It clearly appears, we think, that plaintiff purchased from Dunbar & Co. in good faith, in the ordinary course of business, and paid the consideration in full, for the evidence tends to show that the note given for the balance was in payment and was so received. There is no evidence from which it can be said that plaintiff knew or was in any wise warned that there was any claim upon the turkeys by any person other than Dunbar & Co., except it may have been by defendant for storage, and this claim plaintiff paid. In the order given by Dunbar & Co. upon defendant to deliver the turkeys to plaintiff was written: "No goods delivered without a receipt properly filled out." This obviously meant only that defendant must take a receipt for turkeys as delivered to plaintiff as evidence of delivery.

         Respondent claims that this meant to give plaintiff notice and put him upon inquiry as to the outstanding warehouse receipts issued by defendant to Hoerr; and it is claimed that a presumption arises that defendant duly issued receipts as a warehouseman, and dealt with the goods strictly pursuant to the act of 1878. (Stats. 1878, p. 949. Citing Code Civ. Proc., sec. 1963, subd. 33.)

         This act contemplates two classes of receipts: 1. Negotiable; and 2. Nonnegotiable; and in case of the latter class, the warehouseman may deliver the goods upon the written order of the person to whom the receipt has issued. In the former case he can deliver goods only upon presentation of the receipt and indorsement thereon of the goods delivered. We cannot presume that Hoerr's receipt was of the former class. His giving Dunlap an order for the goods would imply rather that the receipt of defendant, if there was one, was of the latter class.

         In the order given to plaintiff is found the words, "Storage receipt No. E 55," and "Storage receipt No. B," and it is claimed that these clauses had reference to the defendant's outstanding warehouse receipts which it was plaintiff's duty to look after and surrender, and if he had done so he would have learned of Hoerr's claim. I do not think the words imposed any such duty. They are vague and convey no information to the holder, however intelligible they may have been to the warehouseman. The reference to "receipt No. E 55" was plainly to the segregated lot purchased by plaintiff, and it is impossible to say what "storage receipt B" referred to. We think these references were not such as to put plaintiff on notice or inquiry as insisted by defendant.

         Dunbar's testimony as to his purchase from and payment to Hoerr is somewhat confused and contradictory. The motion for nonsuit admits the truth of plaintiff's evidence and every inference of fact that can be legitimately drawn therefrom (Wright v. Roseberry , 81 Cal. 87; Warner v. Darrow , 91 Cal. 309); and I think upon such motion the evidence should be interpreted most strongly against the defendant. I think also that the rules as to nonsuit are the same whether the trial is by the court or by a jury. Dunbar testified in effect that he bought the turkeys from Hoerr, paid two and a half cents per pound cash, and gave his note for the balance, and that two or three days after the purchase Hoerr gave him an order (presumably for the turkeys) and he sent it to defendant. On February 5th Dunbar sent defendant a duplicate of his order to plaintiff for lot E 55. Hoerr must have known of the sale to plaintiff, for Dunbar testified that he bought from Hoerr such as he had found market for. Dunbar's note to Hoerr contained a statement after the signature: "Secured by poultry in refrigerators." But we think the inference from Dunbar's evidence is a reasonable one that this clause was not there when the note was signed, and ought not to be accepted as proving a conditional sale, or that right of control and possession had not been given to Dunbar; besides, the clause does not necessarily refer to these turkeys; it may have referred to other poultry. If Hoerr took Dunbar's note in payment, as may be inferred from Dunbar's evidence, and put Dunbar in control of the turkeys by giving him an order for them, I think on a motion for nonsuit the court should have accepted that statement which was most favorable to plaintiff, rather than the other one by Dunbar that it was understood between the two that Dunbar was to pay ten cents per pound as the turkeys were removed. If there was such an understanding, why was the note given at all? Is it not probable that defendant understood the control of the property to have passed to Dunbar since defendant segregated it from the other property of Hoerr and marked it for plaintiff and collected storage from him? Appellant invokes section 1142 of the Civil Code. It provides: "Where the possession of personal property, together with a power to dispose thereof, is transferred by its owner to another person, an executed sale by the latter, while in possession, to a buyer in good faith, and in the ordinary course of business, for value, transfers to such buyer the title of the former owner." I do not understand that the possession mentioned necessarily means actual, exclusive, manual possession. Where the property is in the hands of a bailee, it is sufficient to transfer the right of possession, subject, of course, to the bailee's lien. It seems to us that a fair and reasonable view of the evidence warrants our holding that this section applies to the case in hand. Respondent contends that plaintiff was not a buyer in good faith, and in the ordinary course of business, because he must be presumed to have known that there was an outstanding receipt issued by defendant [56 P. 779] which plaintiff ought to have gotten possession of. But we have seen that no such presumption arises from any evidence in the case. Nor is it true that the sale was not executed, for everything was done that Dunbar and plaintiff could do to complete the sale and leave the property with the bailee, which they had the right to do. There was payment; there was the order of Dunbar and its acceptance by defendant, and a segregation of the property from other of Hoerr's property, and a partial delivery agreeably to the transfer. And so, also, was there possession so far as necessary.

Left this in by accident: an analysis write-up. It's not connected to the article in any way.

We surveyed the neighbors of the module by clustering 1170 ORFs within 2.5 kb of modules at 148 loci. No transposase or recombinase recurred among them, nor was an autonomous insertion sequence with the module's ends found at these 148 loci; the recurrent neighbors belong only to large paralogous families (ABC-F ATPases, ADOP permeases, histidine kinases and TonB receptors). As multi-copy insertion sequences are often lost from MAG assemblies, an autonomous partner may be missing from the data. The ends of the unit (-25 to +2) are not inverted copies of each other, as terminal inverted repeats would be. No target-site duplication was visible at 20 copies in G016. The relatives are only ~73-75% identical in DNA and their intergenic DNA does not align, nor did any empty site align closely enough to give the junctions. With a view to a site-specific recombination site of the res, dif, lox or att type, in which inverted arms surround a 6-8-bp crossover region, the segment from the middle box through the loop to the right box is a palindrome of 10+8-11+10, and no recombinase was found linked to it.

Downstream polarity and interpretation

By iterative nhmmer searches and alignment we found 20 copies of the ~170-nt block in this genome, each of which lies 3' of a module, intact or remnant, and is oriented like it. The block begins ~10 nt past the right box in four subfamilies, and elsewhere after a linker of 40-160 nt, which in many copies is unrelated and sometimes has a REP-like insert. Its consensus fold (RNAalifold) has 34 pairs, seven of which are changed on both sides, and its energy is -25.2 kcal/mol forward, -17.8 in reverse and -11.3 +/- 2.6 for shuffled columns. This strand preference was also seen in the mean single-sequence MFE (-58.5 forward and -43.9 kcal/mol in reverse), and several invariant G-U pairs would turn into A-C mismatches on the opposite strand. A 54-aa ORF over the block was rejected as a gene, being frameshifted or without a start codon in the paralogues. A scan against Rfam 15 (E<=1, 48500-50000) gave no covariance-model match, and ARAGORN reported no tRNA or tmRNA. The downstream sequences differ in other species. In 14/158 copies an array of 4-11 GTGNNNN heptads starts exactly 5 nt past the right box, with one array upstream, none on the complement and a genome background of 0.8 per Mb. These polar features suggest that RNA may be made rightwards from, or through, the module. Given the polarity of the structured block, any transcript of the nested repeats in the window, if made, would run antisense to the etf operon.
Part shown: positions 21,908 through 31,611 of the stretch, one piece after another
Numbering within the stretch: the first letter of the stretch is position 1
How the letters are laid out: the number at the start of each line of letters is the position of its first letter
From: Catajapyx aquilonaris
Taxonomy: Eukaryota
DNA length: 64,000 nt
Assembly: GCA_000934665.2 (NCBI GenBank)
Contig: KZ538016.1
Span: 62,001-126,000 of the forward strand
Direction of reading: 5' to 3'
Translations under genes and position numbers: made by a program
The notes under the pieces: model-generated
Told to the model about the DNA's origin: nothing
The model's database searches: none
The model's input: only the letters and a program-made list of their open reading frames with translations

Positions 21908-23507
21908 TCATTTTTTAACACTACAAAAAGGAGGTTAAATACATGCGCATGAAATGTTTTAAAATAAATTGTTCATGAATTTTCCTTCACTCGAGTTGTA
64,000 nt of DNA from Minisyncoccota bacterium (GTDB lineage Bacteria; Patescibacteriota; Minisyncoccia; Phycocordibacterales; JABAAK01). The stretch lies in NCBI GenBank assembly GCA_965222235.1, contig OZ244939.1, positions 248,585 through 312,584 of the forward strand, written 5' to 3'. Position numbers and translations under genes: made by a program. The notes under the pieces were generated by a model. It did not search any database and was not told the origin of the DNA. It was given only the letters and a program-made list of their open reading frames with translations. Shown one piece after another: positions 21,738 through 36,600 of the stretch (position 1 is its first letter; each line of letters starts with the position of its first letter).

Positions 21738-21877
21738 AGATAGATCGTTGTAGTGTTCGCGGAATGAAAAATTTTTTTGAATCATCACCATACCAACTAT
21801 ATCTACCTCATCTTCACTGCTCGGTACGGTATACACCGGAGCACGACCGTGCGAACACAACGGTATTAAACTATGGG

This branch of the case is elaborately and learnedly argued by counsel for defendant, occupying the most of a ninety-page brief. It is altogether possible that the facts of the case, if they were all brought out, would show that in law plaintiff ought not to and cannot recover, but we cannot resist the conclusion that defendant should, upon the showing made by plaintiff, be put to its proof. The evidence of Hoerr and the warehousemen may clear away many doubts which now present themselves, and which under the rules of law we feel bound to resolve in favor of plaintiff on the motion.

         2. Appellant presents numerous and plausible, and in some respects cogent, reasons for holding defendant to be estopped by its conduct from escaping liability by pleading Hoerr's ownership of the property. We avoid a consideration of this point, although much urged by plaintiff, as we do not wish to forestall its determination at the retrial.

         On the whole case, it seems to us that if it had gone to a jury on plaintiff's evidence and a verdict had been rendered for plaintiff, the evidence would have been sufficient to support a judgment upon the verdict, and hence it was error to grant the nonsuit.

         The judgment should be reversed.

         For the reasons given in the foregoing opinion the judgment is reversed.

Summaries of

Goldstone v. Merchants' Ice & Cold Storage Co.

Supreme Court of California
Mar 3, 1899
123 Cal. 625 (Cal. 1899)

In Goldstone v. Merchants' Ice Cold Storage Co., 123 Cal. 625, [56 P. 776], it is said: "A nonsuit should be denied where the evidence and the presumptions reasonably arising therefrom are legally sufficient to prove the material allegations of the complaint."

Summary of this case from Mitchell v. Brown
Case details for

Goldstone v. Merchants' Ice & Cold Storage Co.

Case Details


Court:Supreme Court of California

Date published: Mar 3, 1899


123 Cal. 625 (Cal. 1899)
56 P. 776